One of my favorite resources as a small business owner is the New York Times Small Business section. Several months ago, the Times started a blog aimed at small business owners entitled “You’re the Boss–The Art of Running a Small Business.” While not every post will resonate with every small business owner, the articles are always well-written and thought-provoking.
One of this week’s posts, Unfinished Business, relates the story of writer Jay Goltz’s cousin, the owner of a small accounting practice who died after a short battle with cancer. The story is a very personal one, but holds lessons for every small business owner.
While business succession plans can be very important planning tools, not every small business owner has a business which can be sold or passed on to family members. However, the author makes a great suggestion, one that applies to each and every one of us.
Goltz suggests creating and annually reviewing a disaster plan to include information such as bank account numbers, passwords, and insurance policy information. I would suggest including contact information for any people or companies important to your small business–your lawyer, accountant, vendors, suppliers.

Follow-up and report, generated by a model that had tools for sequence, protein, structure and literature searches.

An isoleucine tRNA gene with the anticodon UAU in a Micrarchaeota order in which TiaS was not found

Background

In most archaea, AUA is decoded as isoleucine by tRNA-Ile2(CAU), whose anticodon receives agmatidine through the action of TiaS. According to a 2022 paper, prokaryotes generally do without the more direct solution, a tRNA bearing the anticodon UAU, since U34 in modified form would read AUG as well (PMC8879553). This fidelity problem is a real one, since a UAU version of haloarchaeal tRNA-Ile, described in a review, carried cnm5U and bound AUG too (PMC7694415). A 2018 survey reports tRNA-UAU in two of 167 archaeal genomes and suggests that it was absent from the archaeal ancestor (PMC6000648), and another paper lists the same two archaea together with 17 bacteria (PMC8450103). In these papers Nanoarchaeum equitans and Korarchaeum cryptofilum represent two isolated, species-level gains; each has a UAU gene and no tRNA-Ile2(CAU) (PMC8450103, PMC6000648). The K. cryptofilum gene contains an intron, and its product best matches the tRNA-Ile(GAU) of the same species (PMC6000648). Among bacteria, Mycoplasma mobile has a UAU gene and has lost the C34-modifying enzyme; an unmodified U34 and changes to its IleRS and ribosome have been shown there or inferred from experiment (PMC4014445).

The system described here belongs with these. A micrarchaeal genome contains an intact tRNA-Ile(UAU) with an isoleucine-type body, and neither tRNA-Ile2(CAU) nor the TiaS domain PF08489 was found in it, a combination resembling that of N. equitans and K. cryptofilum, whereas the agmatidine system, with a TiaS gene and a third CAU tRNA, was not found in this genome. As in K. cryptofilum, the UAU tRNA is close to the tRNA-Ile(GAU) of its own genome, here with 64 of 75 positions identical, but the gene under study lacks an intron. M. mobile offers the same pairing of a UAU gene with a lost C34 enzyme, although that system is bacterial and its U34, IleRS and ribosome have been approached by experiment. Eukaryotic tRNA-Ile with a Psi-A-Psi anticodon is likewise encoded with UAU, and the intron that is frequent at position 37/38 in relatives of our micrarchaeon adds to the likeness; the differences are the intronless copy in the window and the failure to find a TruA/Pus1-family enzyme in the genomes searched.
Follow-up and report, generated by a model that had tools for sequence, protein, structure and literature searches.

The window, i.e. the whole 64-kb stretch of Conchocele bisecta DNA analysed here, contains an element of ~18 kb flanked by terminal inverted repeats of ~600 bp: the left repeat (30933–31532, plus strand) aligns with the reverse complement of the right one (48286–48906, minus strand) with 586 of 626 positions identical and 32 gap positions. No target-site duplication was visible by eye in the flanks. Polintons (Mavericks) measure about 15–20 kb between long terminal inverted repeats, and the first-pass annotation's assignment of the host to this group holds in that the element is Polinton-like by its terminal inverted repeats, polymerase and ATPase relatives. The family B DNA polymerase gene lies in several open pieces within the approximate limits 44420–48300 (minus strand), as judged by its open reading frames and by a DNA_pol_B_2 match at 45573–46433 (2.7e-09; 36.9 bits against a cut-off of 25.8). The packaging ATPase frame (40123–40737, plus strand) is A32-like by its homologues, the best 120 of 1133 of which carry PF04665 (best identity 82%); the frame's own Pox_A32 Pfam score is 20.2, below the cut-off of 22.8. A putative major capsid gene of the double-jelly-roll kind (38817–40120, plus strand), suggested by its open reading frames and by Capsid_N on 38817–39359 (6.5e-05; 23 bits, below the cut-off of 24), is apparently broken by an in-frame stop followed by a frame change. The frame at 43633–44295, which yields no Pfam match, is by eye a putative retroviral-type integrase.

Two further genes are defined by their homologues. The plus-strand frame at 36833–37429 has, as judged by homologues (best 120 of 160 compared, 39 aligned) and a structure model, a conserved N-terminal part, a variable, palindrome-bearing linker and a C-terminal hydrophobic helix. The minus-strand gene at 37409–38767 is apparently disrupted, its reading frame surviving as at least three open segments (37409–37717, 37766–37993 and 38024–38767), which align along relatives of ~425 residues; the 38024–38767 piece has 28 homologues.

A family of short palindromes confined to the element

Goltz includes a list of possible succession alternatives for his business. And since you are creating the disaster list to relieve stress and confusion at a time when your family may be in no emotional condition to make major decisions, he includes a “get out of guilt free” card so his spouse and children don’t feel obligated to carry on the business because they believe it is what he would want. I know in my own life, I heard my Dad express regret many times about giving up his small jewelry store to take over my grandfather’s physically demanding, struggling business after my grandfather died suddenly.
This is a call to action. Sit down with a pad and a pen, or at your computer, and start making your disaster list now. Your family will thank you for it.
Feel free to post any suggestions you might have to add to this disaster plan for small business owners. What would your family need to know in the event of an emergency?